TwiExaminer Today's announcement that Bill Condon will direct The Twilight Saga: Breaking Dawn came with another in-laid piece of news: Stephenie Meyer will serve as producer on the film for the first time in her Twilight film career.
A lot of you have reached out with inquiries about what it means that she'll serve as a producer, so here's the basic gist of what a producer is, does, and how it relates to Stephenie Meyer and Breaking Dawn.
For starters, a producer, by generic definition is "the person on a movie set who makes sure everyone shows up and knows what to do when—and who knows beforehand what’s being served for lunch."
Prior Twilight Saga film producers, whose names you might recognize, include Wyck Godfrey and Karen Rosenfelt (who'll return to that position for Breaking Dawn, according to the announcement) as well as Greg Mooradian. We've also had "executive producers" (definition: "often owns the rights to a book or story idea or secures at least 25 percent of the film's budget . . . rarely have creative or technical involvement and are often caught up with several projects at once") like Marty Bowen, Michele Imperato Stabile, Guy Oseary, and Mark Morgan; "co-producers" (definition: "works under the producer and often helps with casting, financing, or postproduction") such as Jamie Marshall and Bill Bannerman; "associate producers" ("a largely honorary title") like Patrick Thomas Smith and David Roker; and "consulting producers" (definition: "generally a high-level writer who is contributing . . . but is not one of the principal forces").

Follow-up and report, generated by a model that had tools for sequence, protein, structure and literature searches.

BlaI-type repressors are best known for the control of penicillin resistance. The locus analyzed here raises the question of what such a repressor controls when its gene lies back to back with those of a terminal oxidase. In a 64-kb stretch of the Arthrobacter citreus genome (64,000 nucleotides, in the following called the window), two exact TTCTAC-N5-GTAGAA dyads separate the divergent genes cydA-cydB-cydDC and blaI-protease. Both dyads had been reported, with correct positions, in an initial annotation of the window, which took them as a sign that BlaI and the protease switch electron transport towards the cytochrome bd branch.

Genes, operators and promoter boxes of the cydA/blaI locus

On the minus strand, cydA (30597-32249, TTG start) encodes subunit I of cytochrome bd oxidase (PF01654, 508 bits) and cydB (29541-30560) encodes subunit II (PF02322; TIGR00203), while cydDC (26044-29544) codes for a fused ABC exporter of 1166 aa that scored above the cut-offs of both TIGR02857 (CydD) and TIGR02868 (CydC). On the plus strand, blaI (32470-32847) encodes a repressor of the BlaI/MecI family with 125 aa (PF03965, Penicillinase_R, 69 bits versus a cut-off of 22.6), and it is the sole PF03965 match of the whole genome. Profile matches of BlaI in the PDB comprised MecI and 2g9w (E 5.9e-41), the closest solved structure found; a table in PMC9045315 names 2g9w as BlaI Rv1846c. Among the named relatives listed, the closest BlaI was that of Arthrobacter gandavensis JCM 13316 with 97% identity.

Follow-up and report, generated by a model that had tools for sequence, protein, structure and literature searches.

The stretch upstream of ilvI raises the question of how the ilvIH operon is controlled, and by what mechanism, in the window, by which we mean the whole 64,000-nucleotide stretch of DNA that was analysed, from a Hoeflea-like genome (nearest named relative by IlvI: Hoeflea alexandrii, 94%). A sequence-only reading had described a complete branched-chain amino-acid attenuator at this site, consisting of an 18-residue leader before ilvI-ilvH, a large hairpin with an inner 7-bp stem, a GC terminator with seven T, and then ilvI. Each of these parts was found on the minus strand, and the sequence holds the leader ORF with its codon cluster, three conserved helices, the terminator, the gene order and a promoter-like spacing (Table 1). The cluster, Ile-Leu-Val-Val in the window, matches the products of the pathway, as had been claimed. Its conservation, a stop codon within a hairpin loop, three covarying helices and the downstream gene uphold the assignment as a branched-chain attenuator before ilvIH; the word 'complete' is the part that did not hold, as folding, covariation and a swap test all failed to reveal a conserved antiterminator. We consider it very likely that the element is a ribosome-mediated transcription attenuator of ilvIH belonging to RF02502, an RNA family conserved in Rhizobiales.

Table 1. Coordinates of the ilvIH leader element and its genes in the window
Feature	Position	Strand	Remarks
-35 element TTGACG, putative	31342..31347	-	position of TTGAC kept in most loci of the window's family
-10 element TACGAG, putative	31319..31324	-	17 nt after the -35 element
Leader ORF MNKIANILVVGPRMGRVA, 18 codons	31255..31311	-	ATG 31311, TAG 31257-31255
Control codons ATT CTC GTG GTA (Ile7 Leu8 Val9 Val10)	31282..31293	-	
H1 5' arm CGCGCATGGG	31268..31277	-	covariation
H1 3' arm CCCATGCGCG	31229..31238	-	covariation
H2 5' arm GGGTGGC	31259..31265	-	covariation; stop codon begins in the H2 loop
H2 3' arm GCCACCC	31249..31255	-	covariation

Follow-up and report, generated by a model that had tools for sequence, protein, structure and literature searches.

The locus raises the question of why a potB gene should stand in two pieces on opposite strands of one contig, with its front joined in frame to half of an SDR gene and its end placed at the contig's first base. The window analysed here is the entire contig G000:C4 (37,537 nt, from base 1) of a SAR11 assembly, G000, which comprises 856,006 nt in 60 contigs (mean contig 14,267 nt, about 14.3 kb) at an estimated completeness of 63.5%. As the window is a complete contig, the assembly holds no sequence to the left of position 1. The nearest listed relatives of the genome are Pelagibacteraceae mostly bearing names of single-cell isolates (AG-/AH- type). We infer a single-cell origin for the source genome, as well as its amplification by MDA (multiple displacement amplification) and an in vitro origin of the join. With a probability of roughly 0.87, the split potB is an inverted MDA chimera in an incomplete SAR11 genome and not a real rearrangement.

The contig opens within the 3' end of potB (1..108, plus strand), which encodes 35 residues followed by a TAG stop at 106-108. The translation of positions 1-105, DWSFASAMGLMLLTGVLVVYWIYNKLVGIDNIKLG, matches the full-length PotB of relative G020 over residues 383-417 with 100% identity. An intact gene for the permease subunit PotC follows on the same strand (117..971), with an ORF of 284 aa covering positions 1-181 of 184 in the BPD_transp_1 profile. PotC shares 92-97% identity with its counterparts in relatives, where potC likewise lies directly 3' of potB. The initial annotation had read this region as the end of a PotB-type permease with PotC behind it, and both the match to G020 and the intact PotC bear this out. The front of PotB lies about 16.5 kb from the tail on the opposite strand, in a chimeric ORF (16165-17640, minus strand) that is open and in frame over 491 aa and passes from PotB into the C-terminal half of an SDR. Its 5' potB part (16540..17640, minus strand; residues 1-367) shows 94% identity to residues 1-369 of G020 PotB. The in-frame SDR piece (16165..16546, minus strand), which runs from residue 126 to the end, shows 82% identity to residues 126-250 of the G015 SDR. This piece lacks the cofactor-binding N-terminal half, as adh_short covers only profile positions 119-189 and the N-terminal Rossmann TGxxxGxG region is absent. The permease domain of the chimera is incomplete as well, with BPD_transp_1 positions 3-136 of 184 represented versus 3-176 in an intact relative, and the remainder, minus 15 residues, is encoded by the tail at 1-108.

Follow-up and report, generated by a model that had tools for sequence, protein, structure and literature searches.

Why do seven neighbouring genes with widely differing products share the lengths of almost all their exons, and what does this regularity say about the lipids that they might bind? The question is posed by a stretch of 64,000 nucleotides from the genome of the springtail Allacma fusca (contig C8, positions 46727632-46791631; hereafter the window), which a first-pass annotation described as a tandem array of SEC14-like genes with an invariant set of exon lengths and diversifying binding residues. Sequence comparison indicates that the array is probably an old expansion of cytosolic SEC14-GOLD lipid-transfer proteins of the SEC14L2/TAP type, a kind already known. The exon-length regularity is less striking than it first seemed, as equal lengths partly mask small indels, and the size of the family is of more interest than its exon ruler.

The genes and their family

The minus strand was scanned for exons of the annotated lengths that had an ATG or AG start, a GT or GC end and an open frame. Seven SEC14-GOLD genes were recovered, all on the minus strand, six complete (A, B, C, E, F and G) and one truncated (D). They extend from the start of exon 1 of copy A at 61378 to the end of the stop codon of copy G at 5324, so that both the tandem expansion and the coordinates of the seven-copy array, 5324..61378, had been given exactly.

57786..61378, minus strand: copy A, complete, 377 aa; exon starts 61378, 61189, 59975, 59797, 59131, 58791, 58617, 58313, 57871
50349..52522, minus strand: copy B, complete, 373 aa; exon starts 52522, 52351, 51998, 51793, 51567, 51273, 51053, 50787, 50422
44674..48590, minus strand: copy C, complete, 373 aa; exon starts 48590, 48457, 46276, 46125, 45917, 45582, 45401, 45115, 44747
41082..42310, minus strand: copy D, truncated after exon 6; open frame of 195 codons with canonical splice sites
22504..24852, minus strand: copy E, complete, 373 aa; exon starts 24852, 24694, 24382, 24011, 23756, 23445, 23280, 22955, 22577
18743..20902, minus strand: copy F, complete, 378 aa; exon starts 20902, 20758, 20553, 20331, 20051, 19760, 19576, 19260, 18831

You're probably thinking: there's no way Stephenie Meyer is taking a producer role to make sure the actors show up or have lunch on the table every day. No doubt you're right about that.
Instead, she's probably just working out a more hands-on role for herself in this, the fourth Twilight series film based on her books. There are likely some details or nuances about the story or filmmaking process that she'd like a heavy hand in, understandably, and working as a producer rather than simply being the source material affords her more opportunity to have a say-so in day-to-day details of filmmaking for this project.
You might remember when Robert Pattinson assumed a role on the film Remember Me as executive producer and his words as to why that happened: "I just didn’t want it to be messed around with . . . I didn’t want it to be compromised in any way . . . anything I could do to help to maintain the film . . ."
With Stephenie Meyer and Breaking Dawn, the case is probably similar. This is no cause for alarm for Twilight fans at all. In fact, for some it may be a reason to celebrate.